Warren Buffett's latest annual letter to Berkshire Hathaway (BRK.A, BRK.B) shareholders, viewable in its entirety here, is filled with the kind of insightful observations and straightforward explanations that have led Buffett to be regarded as not just the world's best investor, but one of the best writers on matters of business. In recounting the year that was 2009, Buffett made a very trenchant comment about the nature of business journalists to use a sound bite heavily if it will grab more attention than a full quote will.

Specifically, Buffett wrote that his view of the economy as being "in shambles throughout 2009 -- and probably well beyond" was loudly reported, while the end of that same thought -- "but that conclusion does not tell us whether the market will rise or fall" -- was essentially ignored. This "sound-bite reporting" is "terrible journalism" and was costly to anyone who was unduly influenced to avoid stocks because they missed out on big gains as the market rallied for the majority of the year.

With his far-reaching interests in insurance, consumer products and banking, it's easy to forget that Buffett knows a thing or two about journalism: In addition to being the majority shareholder in The Washington Post Co. (WPO) and owner of The Buffalo News, he was the owner of the weekly Omaha Sun when it won a Pulitzer Prize in 1973. At DailyFinance, we believe we appropriately balanced and conveyed Buffett's thoughts in the headline -- "Buffett says economy is in shambles, but still likes stocks" -- and in the accompanying article.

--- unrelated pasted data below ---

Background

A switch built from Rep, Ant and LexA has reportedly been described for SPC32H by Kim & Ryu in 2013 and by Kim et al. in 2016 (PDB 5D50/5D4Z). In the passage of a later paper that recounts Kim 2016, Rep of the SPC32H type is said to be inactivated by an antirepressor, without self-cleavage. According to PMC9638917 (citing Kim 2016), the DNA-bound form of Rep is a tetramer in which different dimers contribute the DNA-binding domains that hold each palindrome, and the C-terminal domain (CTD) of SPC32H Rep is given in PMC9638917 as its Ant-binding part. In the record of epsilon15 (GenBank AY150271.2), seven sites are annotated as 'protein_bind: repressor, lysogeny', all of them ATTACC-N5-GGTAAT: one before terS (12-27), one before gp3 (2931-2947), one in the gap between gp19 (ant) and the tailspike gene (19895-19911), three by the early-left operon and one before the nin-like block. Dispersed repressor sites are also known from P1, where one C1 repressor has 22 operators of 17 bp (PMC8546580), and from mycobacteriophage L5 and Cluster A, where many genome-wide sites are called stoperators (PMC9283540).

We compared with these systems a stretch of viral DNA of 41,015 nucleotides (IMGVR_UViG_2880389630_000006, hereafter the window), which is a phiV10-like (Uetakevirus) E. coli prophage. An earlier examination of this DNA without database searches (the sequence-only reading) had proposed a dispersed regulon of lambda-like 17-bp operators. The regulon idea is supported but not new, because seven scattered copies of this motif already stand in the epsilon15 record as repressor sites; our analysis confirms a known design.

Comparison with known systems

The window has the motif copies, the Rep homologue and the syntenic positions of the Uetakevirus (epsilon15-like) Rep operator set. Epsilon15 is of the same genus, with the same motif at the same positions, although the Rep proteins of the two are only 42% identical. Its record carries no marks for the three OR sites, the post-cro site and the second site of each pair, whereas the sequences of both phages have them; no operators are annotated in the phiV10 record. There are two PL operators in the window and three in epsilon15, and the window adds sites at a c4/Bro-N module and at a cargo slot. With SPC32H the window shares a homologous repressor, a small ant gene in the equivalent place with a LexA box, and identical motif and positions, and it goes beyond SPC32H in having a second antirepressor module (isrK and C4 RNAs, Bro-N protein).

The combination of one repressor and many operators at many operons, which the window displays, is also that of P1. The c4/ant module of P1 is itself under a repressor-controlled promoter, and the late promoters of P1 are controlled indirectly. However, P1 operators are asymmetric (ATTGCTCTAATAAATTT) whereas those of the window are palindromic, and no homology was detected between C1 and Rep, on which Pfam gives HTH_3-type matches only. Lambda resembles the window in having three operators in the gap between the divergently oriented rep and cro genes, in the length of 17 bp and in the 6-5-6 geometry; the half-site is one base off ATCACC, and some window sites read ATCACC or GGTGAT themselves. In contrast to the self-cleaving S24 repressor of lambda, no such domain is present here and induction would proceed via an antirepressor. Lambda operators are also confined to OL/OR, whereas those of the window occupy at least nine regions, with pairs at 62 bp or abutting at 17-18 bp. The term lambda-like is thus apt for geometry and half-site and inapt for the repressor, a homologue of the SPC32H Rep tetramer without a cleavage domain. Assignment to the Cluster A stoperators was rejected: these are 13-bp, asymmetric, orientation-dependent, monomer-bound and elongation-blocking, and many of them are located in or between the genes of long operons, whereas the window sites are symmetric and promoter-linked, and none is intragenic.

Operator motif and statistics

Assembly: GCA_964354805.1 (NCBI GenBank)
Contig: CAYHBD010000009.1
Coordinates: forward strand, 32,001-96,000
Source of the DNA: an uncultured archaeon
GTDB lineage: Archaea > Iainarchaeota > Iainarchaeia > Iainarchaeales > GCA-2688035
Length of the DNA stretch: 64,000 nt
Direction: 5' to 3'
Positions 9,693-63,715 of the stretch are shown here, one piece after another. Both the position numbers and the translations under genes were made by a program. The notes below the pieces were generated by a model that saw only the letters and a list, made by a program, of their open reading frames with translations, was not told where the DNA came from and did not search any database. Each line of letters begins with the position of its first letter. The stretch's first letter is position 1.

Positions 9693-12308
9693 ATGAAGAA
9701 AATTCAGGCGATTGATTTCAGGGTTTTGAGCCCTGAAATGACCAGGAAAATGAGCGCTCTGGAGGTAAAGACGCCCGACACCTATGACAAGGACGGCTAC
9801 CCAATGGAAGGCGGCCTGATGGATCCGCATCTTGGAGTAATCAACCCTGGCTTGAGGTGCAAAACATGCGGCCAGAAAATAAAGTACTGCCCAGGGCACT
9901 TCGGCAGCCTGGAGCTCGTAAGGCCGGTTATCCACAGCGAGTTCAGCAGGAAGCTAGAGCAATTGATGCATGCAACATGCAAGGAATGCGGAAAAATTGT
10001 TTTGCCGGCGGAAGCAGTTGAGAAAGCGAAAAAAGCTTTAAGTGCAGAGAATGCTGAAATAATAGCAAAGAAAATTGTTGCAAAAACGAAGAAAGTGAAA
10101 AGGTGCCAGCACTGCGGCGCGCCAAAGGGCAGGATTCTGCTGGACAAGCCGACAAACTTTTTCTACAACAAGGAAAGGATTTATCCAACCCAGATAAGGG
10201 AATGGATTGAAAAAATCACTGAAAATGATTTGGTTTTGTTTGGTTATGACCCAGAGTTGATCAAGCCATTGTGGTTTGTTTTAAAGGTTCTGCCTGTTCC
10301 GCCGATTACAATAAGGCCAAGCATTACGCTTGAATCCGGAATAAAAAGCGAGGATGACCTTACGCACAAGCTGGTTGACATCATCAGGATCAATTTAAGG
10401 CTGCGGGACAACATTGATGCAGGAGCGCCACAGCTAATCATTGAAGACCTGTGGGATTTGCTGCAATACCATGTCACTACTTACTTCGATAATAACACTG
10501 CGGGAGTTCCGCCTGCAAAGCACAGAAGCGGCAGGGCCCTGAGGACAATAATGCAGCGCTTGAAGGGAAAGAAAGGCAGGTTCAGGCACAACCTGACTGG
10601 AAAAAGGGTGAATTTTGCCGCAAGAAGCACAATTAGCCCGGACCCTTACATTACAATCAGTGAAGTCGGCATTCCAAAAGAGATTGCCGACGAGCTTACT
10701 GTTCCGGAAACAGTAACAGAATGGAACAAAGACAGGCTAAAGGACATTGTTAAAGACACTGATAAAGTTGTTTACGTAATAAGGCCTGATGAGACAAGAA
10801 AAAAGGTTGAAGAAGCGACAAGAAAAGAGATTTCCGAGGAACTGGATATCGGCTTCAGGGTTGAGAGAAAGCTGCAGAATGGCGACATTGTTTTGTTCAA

Unfortunately, Buffett isn't the only well-known investor to have his words taken out of context by the sound-bite culture: Jim Rogers, a former partner at George Soros' hedge fund, recently was credited with saying that the British pound "could collapse within weeks" -- a statement that made waves in the market. Except he said no such thing: It came from a conference promoter trying to drive business.

As consumers of information in an era of compressed media cycles, readers and viewers should take a lesson from the childhood game of "whisper down the lane": What isn't heard, or what gets lost when information is relayed, is often the most important detail. So minimize the influence breathless TV personalities and loud headlines have in your financial decisions, even if they claim to be conveying the words of the great investment minds, and spend more time beyond the headlines.

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